SPECIAL COVERAGE
CHANDIGARH

LUDHIANA

DELHI


THE TRIBUNE SPECIALS
50 YEARS OF INDEPENDENCE

TERCENTENARY CELEBRATIONS
M A I L B A G

Ambassador explains Israeli stand

The Tribune’s assumption that Israel is using the issue of the kidnapped soldier as a pretext to send its troops to Gaza, defies the logic of Israel’s full withdrawal from Gaza only nine months ago. Israel has left Gaza hoping to create an opportunity to re-energise the peace process and to provide Gazans with the tools for progress and development along the route to their future independent state, living peacefully, side by side, with the State of Israel.

Instead, Gaza has become a launching pad for constant terror attacks across the border aiming at civilians and soldiers inside Israel proper. These attacks are carried out by the Hamas and other terrorist organisations. Hamas cannot claim the political privileges of an elected government without accepting the minimum responsibilities that go with it.

In its counter-terrorism operations, Israel is exercising its right of self-defence which would have been exercised similarly by any other state under similar circumstances.


 

Israel neither desires to return to Gaza, nor to cause any hardship to Palestinian civilians. But it cannot allow the rules of the jungle which characterise the Hamas behaviour to become the order of the day. Israel demands the unconditional release of its kidnapped soldier. This will end the present crisis.

As to the manifesto signed by the Palestinian factions, it is a step away from peace. The goal of the document is to address the internal interests of various Palestinian groups. The document fails to meet any of the requirements of the Road Map and rejects the three basic conditions of the international community: recognition of Israel’s right to exist, ending terror and adherence to all the existing agreements. Worse, the manifesto expresses a clear-cut support for continued terrorism. Israel, therefore, views this document as a great obstacle for future Israeli-Palestinian dialogue and a negotiated two-state solution.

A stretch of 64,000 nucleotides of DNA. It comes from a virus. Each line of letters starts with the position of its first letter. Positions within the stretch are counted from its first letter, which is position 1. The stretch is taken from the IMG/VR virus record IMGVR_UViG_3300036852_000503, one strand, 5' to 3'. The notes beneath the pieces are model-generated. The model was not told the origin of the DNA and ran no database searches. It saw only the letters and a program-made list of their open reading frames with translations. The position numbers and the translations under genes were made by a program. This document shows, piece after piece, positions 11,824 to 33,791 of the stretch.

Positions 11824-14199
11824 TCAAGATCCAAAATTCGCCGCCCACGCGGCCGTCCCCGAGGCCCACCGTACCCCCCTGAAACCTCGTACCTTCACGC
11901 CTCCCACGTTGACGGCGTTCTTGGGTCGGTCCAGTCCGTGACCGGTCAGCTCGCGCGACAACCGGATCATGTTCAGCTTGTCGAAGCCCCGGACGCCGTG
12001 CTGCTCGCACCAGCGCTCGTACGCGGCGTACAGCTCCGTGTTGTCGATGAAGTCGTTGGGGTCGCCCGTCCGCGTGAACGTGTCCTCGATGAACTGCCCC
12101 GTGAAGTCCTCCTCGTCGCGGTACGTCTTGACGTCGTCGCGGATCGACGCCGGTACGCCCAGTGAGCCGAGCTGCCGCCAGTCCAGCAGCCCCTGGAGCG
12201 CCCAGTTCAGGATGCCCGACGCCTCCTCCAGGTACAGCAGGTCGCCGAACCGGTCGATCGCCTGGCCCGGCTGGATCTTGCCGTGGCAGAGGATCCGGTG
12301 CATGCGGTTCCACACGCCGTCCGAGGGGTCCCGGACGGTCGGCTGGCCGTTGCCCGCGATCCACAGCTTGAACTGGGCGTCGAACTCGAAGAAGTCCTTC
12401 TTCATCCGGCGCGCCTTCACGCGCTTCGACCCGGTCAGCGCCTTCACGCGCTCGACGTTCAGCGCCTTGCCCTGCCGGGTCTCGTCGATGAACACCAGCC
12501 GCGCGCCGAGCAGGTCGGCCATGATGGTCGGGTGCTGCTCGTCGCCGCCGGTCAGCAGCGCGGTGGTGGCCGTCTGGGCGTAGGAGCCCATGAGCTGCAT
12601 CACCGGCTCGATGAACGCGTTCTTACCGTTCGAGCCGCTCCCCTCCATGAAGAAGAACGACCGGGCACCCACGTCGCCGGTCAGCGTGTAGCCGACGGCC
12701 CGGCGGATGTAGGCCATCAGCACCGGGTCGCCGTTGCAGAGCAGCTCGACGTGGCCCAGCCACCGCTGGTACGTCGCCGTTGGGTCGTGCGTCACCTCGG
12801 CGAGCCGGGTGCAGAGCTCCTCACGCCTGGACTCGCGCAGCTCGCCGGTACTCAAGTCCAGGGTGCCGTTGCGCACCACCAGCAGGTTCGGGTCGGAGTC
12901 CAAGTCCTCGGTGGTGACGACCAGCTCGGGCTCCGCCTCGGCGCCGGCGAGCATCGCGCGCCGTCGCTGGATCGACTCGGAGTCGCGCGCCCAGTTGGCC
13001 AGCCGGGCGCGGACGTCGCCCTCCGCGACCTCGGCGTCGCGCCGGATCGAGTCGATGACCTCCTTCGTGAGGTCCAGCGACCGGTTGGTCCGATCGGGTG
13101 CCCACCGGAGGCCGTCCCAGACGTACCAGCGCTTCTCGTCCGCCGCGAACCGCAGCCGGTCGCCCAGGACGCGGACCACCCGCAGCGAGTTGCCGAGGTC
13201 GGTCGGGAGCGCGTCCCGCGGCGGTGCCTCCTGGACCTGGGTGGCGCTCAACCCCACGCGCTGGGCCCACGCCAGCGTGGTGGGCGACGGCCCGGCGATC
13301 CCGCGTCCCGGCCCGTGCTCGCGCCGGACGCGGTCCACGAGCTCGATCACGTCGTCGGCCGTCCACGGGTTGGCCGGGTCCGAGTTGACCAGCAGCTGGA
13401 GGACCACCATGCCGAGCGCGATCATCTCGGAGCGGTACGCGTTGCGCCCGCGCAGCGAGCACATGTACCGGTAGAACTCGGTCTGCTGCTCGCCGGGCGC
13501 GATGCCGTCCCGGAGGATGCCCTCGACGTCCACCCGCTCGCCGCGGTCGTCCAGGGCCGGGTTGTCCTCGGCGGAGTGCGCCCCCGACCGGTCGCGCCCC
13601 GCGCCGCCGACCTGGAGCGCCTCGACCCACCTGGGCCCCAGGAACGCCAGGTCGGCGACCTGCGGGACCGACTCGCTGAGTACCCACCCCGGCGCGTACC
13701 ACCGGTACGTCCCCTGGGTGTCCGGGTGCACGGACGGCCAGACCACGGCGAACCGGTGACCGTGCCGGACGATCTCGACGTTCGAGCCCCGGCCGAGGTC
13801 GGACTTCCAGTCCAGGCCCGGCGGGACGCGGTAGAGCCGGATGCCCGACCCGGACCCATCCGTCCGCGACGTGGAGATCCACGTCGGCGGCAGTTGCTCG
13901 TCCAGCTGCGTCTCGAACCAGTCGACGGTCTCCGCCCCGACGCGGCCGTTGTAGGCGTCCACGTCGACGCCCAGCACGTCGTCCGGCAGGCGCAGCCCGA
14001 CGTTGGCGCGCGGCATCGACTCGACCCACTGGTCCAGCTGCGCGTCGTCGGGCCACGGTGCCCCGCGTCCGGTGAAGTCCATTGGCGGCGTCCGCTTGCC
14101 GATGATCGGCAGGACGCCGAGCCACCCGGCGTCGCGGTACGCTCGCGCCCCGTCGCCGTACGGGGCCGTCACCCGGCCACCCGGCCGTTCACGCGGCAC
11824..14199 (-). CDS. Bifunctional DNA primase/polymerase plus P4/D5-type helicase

DAVID DANIELIAmbassador of Israel, New Delhi

Grow more pulses

It is common knowledge that till 1947, Punjab’s farmers were mainly cultivating wheat and pulses — moong and masar to be precise. And they were happy. Dal, roti is the staple food of every Indian. So wheat is the most important grain and dals form part and parcel of the diet.

Unfortunately, however, lured to make more money, Punjab’s farmers said goodbye to pulses and virtually became crazy from early sixties onwards. The tragedy began in rural Punjab. As things stand today, only a motivated political leadership can help farmers promote pulses. This is the practical solution to an ailing rural Punjab.

SANJEEV, Kurukshetra

Army’s image

The ex-servicemen of Sarv Mitra Colony, Shaheed Karnail Singh Nagar, Pakhowal Road, express concern about BJP leader Sushma Swaraj’s remarks against the Vice-Chief of Army Staff. She has blown the matter out of proportion to gain political mileage.

The Indian Army is considered one of the best in the world. Its officers, JCOs and jawans take the career in true spirit and serve the country to the best of their capacity and ability. We are not against the women’s entry in the Army but the way their seniors and subordinates face problems must be looked into. We earnestly appeal to all politicians and bureaucrats to send at least one son and one daughter to the armed forces to make good the shortage of officers.

Major SHER SINGH (retd) Pakhowal Road

India and World Cup

It is heartening to see wide coverage given in the media and keen interest generated over the football World Cup, although India has hardly any ranking internationally in the game. Yet the ongoing extravaganza of matches with a superb display of skill and stamina will be a shot in the arm for young aspirants even as providing valuable tips to our players.

As of now, we are like cheer leaders, watching the show from the sidelines, going wild with ecstasy over others’ good performance.

Wing Commander S.C. Kapoor (retd), Noida

Bad precedent

I am surprised to read the letter “We must stop open loot of public money “ (July 01). Delhi Chief Minister Shiela Dixit has agreed to pay the electricity bills of IAS officers, who are already paid a hefty salary and perks. This decision may be to prevent the exposure of some unethical deeds of the politicians.

This may act as a bad precedent for IAS officers in other states. This is how common people are burdened with a high cost of living.

B S Ganesh, Bangalore


Unaware of RTI Act

On June 15, 2005, The Right to Information Act 2005 received the assent of the President and the process of allowing the citizens the power of questioning and seeking information from those who governed them began, which made them the “master”. But even after one year only few people are aware of its utility and benefits to society.

The need of the hour is creating public awareness.

People can now be made aware how using the RTI Act they can do social audit of any work through getting information and examining it critically and posing questions to contain corruption and to hold governments and their instrumentalities accountable to the governed. This is where the social activists, NGOs and the media have to take the lead.

Commodore Lokesh. K. Batra (retd.), Social Activist, Noida 


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